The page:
Posted by Robert Half Legal on Wednesday, January 20, 2016 - 08:00 | Follow me
Everyone can use a little guidance in the legal workplace—especially new associates.
From receiving firsthand lessons on the ins and outs of the law office, to having someone to turn to if something goes wrong, up-and-coming lawyers can reap countless benefits from a mentorship. But it isn’t always easy for a new attorney to find a suitable mentor: Senior attorneys are already busy, which can make them difficult to approach. That aside, it’s challenging for anyone new to an organization to assess someone’s temperament and suitability as a mentor (“Is this the right person for me?”).
Some legal organizations make sure their associates are paired with “the right person,” and get the guidance they want, through a formal mentorship program and signed agreement between the parties. But there are pros and cons to every business arrangement, and this one is no different. If your firm is considering a formal mentorship program, here are a few things to keep in mind:
Pros of a Formal Mentor Agreement
1. A mentoring agreement can help the mentee organize his or her goals by way of a formal contract. This gives structure to the relationship, sets an end date and provides motivation to hit all the benchmarks within that time.
2. Confidentiality is a crucial aspect of law, but sometimes in the course of a mentorship, sensitive information may be divulged in the spirit of imparting a lesson. A mentoring agreement will help reinforce attorney-client privilege guidelines and establish a framework for what other information can and cannot be shared.
3. Trust is an important aspect of any relationship, and the mentor-mentee relationship is no different. An agreement will help establish that trust by making the relationship explicit. By entering into the agreement, both parties are pledging to achieve future success together; this encourages genuine camaraderie while also setting distinct goals and parameters.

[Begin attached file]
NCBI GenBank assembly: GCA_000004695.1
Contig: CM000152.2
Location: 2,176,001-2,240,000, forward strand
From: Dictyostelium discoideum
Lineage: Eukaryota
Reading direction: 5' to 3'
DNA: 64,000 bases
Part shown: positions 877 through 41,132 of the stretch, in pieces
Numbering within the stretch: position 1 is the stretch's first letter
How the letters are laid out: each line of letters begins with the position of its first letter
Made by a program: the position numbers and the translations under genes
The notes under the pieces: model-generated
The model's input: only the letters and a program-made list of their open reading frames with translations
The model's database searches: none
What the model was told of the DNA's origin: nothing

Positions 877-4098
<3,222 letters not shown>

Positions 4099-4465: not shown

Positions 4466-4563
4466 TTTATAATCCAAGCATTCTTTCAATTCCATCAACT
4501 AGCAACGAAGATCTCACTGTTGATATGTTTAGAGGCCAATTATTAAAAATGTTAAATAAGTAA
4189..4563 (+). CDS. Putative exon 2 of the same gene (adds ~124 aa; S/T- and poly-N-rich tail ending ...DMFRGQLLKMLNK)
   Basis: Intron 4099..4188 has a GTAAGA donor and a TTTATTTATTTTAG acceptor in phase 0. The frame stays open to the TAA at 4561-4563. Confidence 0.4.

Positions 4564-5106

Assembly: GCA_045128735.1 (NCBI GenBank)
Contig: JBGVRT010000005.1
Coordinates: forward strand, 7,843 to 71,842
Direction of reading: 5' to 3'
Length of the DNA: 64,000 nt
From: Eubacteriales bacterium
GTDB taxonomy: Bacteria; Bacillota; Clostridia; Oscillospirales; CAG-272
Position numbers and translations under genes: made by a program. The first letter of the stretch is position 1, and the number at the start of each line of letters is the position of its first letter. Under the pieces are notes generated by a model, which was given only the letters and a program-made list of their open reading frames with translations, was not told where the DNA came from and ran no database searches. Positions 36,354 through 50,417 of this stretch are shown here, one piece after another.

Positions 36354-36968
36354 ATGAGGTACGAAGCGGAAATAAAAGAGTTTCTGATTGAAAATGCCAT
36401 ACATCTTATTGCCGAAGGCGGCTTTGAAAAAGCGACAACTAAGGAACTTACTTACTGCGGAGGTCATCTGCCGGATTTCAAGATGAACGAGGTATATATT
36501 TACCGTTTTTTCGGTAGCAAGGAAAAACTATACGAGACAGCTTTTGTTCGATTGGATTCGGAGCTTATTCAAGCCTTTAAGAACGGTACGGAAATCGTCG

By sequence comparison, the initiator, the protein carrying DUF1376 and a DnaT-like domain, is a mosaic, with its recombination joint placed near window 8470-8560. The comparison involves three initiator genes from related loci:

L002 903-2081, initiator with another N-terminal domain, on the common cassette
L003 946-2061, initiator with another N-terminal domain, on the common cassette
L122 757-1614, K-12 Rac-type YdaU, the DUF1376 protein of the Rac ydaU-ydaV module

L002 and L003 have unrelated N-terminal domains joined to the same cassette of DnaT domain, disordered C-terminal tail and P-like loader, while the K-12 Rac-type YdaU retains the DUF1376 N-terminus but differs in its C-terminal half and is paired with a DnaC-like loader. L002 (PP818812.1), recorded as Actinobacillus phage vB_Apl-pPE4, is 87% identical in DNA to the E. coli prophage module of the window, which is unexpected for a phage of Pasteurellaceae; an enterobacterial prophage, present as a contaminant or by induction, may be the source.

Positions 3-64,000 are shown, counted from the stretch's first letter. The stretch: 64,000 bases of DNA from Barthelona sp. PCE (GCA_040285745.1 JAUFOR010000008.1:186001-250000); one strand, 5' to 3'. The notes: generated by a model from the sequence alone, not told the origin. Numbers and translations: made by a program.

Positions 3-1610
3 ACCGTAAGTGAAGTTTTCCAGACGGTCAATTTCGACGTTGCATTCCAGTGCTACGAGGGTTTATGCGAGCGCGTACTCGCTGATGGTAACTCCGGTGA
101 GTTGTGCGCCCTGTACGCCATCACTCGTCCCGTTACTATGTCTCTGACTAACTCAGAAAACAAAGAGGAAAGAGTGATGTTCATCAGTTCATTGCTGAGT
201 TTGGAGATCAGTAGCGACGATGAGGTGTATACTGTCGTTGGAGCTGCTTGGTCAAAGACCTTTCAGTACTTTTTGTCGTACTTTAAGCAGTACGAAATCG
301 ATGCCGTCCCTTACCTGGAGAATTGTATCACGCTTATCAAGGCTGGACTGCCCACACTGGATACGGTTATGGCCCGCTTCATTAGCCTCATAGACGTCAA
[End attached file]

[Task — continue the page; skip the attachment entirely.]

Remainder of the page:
Cons of Formalizing a Mentor Relationship
1. A formalized mentoring agreement can make the relationship seem rigid and distracting. Setting a schedule for the mentor and mentee to meet on a regular basis and discuss progress can come across as a major time commitment, making it something both parties grudgingly “schedule around” rather than eagerly anticipate.
2. Formalizing an agreement means that the mentee is locked into a relationship with that particular mentor, usually a senior member of the firm’s staff. This can make it awkward for legal professionals who might prefer to be mentored by someone they already have a relationship with, like a former law school professor.
3. If the mentorship isn't working out, a formalized agreement can make it difficult for one party to step back. This could result in a waste of time and mutual disappointment. In a worst-case scenario, it could create an uncomfortable future working relationship.
No one walks into any workplace, legal or otherwise, knowing exactly what steps to take to ensure success. But when you connect a junior legal professional with a mentor from the senior staff, you're giving your employees a leg up on workplace education while also ensuring that your staff is being trained to the specifications of your firm.
Regardless of how formal you choose to make your mentorship program, providing your new attorneys a way to support their career growth and professional development will pay enormous dividends for the entire firm.
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